More Aggressive Consumer Financial Services Enforcement Expected
As senior positions are filled in key agencies, expect more enforcement of consumer financial services laws and regulations. Redlining, loan servicing and credit reporting are all likely targets for scrutiny.
New Rules, Enforcement Actions Make Financial Institutions’ Planning for Cyberattacks Even More Imperative
Companies — from the top down — need to focus on defenses against cyberattacks and plans for recovery as enforcement actions and cyber-related laws gain momentum.
Central Banks Consider Digital Currency Pros and Cons in US and Europe
Central banks around the world are debating whether to create their own digital currencies. The European Central Bank has shown enthusiasm for the concept, and the Bank of England is open to it. Federal Reserve leaders appear skeptical.
Biden’s Broad Mandate Has Altered the Antitrust Landscape, Making Merger Clearance Process Less Predictable
Through procedural changes and new legal approaches, antitrust regulators are trying to expand their power to promote competition and achieve social policy goals, creating uncertainty in an enforcement regime that had been fairly predictable.
Deal Uncertainty Increases as Merger Control Authorities Gain Discretionary Powers of Review
Competition regulators worried about overlooking “killer acquisitions” of small innovators by large, established firms are amending notification thresholds and exercising discretion to investigate deals that otherwise would not be reviewed.
CFIUS and International Trade
CFIUS Goes Global: New FDI Review Processes Proliferate, Old Ones Expand
As more countries screen foreign direct investments for national security issues, parties need to perform thorough due diligence and be attuned to the concerns of authorities in multiple jurisdictions.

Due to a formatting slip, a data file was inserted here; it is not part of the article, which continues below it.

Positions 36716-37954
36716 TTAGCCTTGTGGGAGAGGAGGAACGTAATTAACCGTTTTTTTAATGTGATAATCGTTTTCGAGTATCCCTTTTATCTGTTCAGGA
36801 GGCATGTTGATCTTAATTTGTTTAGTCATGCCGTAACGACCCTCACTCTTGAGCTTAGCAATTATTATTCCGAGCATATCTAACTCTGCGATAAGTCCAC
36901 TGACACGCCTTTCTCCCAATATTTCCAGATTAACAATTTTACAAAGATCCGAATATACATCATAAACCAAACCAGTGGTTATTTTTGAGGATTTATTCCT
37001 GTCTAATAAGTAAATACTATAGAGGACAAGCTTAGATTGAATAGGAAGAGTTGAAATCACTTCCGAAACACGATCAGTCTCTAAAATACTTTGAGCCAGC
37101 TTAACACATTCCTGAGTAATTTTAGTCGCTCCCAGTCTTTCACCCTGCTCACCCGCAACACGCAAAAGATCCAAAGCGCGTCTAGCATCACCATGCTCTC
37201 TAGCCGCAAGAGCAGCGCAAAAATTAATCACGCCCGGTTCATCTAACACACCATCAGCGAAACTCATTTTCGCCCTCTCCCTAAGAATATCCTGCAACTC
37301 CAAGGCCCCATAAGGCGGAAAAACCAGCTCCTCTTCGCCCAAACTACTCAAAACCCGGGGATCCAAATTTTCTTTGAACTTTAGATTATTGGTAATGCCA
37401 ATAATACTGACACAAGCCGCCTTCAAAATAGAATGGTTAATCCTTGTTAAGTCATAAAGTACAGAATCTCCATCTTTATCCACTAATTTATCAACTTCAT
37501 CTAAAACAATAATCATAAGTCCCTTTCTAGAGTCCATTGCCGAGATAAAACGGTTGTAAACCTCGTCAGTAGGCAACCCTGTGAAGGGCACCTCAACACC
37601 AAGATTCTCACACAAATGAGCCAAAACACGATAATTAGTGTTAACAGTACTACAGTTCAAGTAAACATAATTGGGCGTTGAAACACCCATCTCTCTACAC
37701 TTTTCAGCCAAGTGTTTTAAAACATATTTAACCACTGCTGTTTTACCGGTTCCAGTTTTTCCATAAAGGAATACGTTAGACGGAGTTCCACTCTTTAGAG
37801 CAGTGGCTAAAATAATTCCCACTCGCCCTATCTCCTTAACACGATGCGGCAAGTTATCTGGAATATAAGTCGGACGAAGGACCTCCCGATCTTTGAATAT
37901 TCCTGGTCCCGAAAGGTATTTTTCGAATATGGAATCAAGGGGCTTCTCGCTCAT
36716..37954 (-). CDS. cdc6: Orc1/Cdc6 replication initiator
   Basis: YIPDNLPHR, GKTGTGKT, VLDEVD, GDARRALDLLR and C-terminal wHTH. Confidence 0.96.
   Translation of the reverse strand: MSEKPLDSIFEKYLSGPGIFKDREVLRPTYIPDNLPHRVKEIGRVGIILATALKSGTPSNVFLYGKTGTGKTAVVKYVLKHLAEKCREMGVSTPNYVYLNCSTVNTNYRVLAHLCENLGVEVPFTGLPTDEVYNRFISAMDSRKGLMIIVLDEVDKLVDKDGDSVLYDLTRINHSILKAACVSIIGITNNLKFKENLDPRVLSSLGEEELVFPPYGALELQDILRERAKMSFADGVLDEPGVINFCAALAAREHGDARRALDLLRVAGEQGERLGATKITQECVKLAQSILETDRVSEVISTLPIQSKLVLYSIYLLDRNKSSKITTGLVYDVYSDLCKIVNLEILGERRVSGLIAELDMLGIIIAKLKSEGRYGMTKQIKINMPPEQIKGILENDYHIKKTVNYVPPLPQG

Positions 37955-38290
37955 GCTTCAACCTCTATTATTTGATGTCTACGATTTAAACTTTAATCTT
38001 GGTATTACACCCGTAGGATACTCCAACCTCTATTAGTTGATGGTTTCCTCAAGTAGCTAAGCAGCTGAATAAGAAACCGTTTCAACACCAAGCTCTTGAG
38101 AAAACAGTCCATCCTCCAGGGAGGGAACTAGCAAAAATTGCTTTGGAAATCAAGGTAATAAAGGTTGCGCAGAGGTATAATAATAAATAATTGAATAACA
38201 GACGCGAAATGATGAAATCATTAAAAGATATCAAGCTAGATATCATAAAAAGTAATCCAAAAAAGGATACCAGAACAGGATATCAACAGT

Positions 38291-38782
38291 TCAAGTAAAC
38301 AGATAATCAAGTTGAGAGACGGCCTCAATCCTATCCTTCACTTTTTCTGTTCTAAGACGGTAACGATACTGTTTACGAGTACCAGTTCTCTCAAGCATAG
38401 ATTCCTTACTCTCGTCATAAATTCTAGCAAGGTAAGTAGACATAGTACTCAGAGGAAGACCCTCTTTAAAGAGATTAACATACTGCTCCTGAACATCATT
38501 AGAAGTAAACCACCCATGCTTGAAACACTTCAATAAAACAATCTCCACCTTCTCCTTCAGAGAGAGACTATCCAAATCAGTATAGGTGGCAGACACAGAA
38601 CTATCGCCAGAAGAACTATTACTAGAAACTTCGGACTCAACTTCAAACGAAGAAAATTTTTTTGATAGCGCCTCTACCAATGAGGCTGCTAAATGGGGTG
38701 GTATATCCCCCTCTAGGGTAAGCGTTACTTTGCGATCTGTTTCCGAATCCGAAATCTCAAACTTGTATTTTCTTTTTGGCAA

Security Concerns Prompt Multiple Supply Chain Initiatives
Security concerns, together with shortages of key goods and components, prompted new supply chain initiatives in 2021 that will affect U.S. trade in the year ahead.
China Faces Existing and Expanded US Restrictions on Trade, Investment and Technology
The Biden administration has maintained and extended an array of China-related regulatory and enforcement measures to address national security concerns. Meanwhile, companies with Chinese operations need to comply with the country’s new data laws.
Build Back Better Act Would Change Monetization Playbook for Tax-Free Spin-Offs
The Build Back Better Act would amend U.S. rules on tax-free spin-offs, making it more challenging to monetize value by reallocating debt to a spin-off company. But a distributing company may still be able to extract value with the right structuring.
Multinationals Should Consider Adding ‘Competent Authority Processes’ to Their Tax Strategies
With new uncertainties about transfer pricing, multinationals should consider “competent authority processes” to address double taxation and other disputes, and to win preapproval for future internal cross-border transactions.
Tax Law Struggles To Keep Pace With the Proliferation of Cryptocurrency
Cryptocurrency transactions can fit poorly into traditional tax frameworks, forcing authorities and market participants to wrestle with thorny questions about how to apply tax rules – or write new ones.
Musings on Multinational Tax: What To Expect From GILTI Conscience
Skadden is proud to present “GILTI Conscience,” a new podcast series in which tax partners Nate Carden and David Farhat invite other industry leaders and authorities to join them in discussing pressing transfer pricing issues, international tax reform efforts and tax administration trends.